Lake quillwort facts for kids
Quick facts for kidsLake quillwort
The lake quillwort has many long, narrow leaves from 8–20 cm long and 0.5–2 mm broad, widening to 5 mm broad at the base. There is a sac that produces the spores at the bottom of each leaf base. The plant has a very short stem, called a corm, where all the leaves and roots are attached close together. It does not have traditional roots, but instead some of its leaves are modified to act like roots. These pseudo-roots are called rhizomorphs, and are attached to the bottom end of corm. The upper leaves are green and found sprouting in a clump.
Reproduction usually takes place during the late summer or early fall. The sacs at the bottom of leaves create two types of spores, female (megaspores, about 0.5 mm diameter) and male (microspores, a few micrometres in diameter). These spores represent the gametophyte phase of the life cycle.
Isoetes lacustris was discovered by Johannes Reinke, and first described by Carl Linnaeus. Isoetes hieroglyphica was considered to be a separate species, but is now considered to be a synonym of I. lacustris.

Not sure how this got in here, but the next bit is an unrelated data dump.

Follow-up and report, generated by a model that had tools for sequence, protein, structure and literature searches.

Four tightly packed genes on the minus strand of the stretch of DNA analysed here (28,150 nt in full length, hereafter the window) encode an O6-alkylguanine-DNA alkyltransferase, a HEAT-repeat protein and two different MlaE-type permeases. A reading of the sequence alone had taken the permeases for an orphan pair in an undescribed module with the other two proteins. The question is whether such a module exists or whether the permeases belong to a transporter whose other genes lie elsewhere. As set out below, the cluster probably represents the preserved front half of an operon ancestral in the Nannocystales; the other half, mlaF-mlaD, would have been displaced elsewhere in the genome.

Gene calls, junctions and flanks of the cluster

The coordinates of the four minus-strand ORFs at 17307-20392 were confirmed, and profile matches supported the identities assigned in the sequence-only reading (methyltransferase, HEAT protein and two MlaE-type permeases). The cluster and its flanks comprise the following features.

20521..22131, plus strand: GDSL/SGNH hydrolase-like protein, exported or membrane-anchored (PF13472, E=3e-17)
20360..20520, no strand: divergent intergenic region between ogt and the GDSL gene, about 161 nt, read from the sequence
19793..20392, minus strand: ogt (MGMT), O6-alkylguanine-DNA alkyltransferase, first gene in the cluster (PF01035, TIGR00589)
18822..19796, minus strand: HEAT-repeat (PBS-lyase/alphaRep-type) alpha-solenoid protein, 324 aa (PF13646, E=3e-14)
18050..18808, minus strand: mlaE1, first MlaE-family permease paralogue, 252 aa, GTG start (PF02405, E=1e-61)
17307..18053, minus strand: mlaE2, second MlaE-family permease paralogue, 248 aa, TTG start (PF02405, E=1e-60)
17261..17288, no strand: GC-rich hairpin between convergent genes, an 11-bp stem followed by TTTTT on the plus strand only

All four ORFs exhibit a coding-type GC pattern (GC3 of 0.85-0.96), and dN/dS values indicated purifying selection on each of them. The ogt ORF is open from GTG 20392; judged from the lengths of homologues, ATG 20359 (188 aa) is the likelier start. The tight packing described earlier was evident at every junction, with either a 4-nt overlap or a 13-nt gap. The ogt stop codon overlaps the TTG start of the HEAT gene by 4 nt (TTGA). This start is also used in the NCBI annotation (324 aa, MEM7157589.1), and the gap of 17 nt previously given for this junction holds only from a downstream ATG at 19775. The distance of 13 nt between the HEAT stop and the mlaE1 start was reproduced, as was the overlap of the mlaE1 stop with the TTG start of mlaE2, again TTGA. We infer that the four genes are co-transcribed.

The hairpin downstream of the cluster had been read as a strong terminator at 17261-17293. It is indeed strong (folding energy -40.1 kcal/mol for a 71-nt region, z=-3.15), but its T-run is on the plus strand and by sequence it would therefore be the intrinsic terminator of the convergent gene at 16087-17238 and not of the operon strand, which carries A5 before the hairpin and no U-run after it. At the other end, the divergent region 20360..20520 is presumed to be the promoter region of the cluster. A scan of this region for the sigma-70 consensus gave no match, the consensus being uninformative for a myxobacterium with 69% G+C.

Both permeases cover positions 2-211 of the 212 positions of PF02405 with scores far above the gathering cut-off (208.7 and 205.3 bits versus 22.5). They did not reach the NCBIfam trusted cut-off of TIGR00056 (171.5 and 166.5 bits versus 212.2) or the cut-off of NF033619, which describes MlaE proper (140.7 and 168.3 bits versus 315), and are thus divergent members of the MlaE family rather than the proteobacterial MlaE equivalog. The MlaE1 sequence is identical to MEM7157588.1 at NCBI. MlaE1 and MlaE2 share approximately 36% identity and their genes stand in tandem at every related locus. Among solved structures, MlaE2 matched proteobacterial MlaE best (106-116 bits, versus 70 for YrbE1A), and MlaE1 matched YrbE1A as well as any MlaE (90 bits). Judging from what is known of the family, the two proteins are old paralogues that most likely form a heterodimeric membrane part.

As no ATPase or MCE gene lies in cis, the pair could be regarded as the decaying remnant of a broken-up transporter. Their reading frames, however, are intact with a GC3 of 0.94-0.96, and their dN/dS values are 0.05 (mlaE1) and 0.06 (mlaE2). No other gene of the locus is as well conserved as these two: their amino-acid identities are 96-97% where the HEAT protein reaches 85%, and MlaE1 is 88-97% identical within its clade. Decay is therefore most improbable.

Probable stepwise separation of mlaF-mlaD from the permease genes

Distribution and habitat
In Europe, it is distributed from Poland west to northeastern France, throughout Scandinavia, the west and north of the British Isles, the Faroe Islands and Iceland. In the North America, it occurs in the New England states of Maine, Vermont, New Hampshire Rhode Island and Massachusetts, and in Canada in provinces of New Brunswick and Nova Scotia.
It is found on the stony or sandy bottoms of clear, usually slightly acidic ponds, typically in mountain tarns, growing at 5–460 cm depth of water. They are perennial, with typically two flushes of new leaves each year, in spring and autumn.
This species is one of a few cultivated species of quillworts, either as an aquarium plant or as an educational resource.
Lake quillwort Facts for Kids. Kiddle Encyclopedia.